LONDON — The U.K. Royal Air Force expects to soon receive confirmation that its fleet of five Sentinel R-1 surveillance aircraft is to be retained in service.
The airborne stand-off radar (ASTOR) system, operated by 5 Army Cooperation Squadron from RAF Waddington, Lincolnshire, was scheduled to be withdrawn from service in 2015, following the end of combat operations in Afghanistan.
Key capabilities fielded by Britain's Royal Air Force in Afghanistan and highly prized across the NATO-led coalition face uncertain futures once the Tornado GR4 aircraft is retired toward the end of the decade. As the RAF looks ahead to a fleet comprising Typhoons and F-35Bs, there are no plans in place to retain two systems that have become invaluable in-theater.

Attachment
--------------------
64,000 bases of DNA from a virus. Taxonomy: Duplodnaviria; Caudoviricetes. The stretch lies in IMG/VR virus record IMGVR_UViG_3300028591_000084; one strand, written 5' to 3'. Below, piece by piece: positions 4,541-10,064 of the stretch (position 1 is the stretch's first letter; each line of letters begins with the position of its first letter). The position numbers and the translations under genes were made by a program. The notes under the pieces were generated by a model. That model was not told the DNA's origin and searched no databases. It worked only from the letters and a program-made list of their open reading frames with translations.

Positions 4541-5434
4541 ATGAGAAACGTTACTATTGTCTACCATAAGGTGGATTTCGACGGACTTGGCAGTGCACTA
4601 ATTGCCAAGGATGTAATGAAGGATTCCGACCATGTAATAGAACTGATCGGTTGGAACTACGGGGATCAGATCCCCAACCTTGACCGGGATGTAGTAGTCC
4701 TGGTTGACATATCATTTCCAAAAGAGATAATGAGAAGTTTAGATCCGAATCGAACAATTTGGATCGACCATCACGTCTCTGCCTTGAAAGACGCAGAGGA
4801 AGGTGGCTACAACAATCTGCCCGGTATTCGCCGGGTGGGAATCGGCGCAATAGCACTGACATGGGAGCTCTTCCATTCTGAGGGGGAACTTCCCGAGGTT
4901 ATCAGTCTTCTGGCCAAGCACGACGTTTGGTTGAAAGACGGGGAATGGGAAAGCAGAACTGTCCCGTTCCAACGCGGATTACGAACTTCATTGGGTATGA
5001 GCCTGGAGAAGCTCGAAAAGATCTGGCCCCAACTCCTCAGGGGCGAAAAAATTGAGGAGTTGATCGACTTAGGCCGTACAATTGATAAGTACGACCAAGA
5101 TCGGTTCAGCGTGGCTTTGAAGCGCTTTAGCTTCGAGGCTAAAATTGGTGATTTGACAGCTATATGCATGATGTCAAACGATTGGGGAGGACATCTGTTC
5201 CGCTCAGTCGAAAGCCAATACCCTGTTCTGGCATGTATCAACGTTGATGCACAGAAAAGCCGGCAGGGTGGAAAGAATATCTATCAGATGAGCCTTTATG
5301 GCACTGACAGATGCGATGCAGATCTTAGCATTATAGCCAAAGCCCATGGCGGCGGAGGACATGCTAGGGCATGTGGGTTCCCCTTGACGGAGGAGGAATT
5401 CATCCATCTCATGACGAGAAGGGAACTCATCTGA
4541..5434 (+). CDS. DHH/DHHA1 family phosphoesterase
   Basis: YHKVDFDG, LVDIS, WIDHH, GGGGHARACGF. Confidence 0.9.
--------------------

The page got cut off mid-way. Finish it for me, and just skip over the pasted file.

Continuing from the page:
At first glance, not a great deal is remarkable about the black-and-white photograph (below) in which one can see the Queen Mary, portside at Long Beach, Calif. The luxury liner is clearly visible in the large-format image, with a degree of detail showing portholes, lifeboats, balconies and balustrades. Yet the image's exceptional qualities lie in where it was taken: from an aircraft flying at 40,000 ft., 72 nm away.
South Koreans may have legitimate cause to disagree, but the nation in the east Asian region that has had the longest-term cause to build and maintain robust defenses against an unpredictable near neighbour is surely Taiwan.
It is not difficult to identify the biggest issues facing military planners in East Asia. A resurgent China, apparently keen to begin flexing its ever-strengthening military muscles, and a North Korea that is both ambitious and more politically unstable than ever following Kim Jong Il’s death in December 2011, are providing more sleepless nights than even the perennial problems of natural resource access, smuggling of contraband and people, piracy, and home-grown terrorism.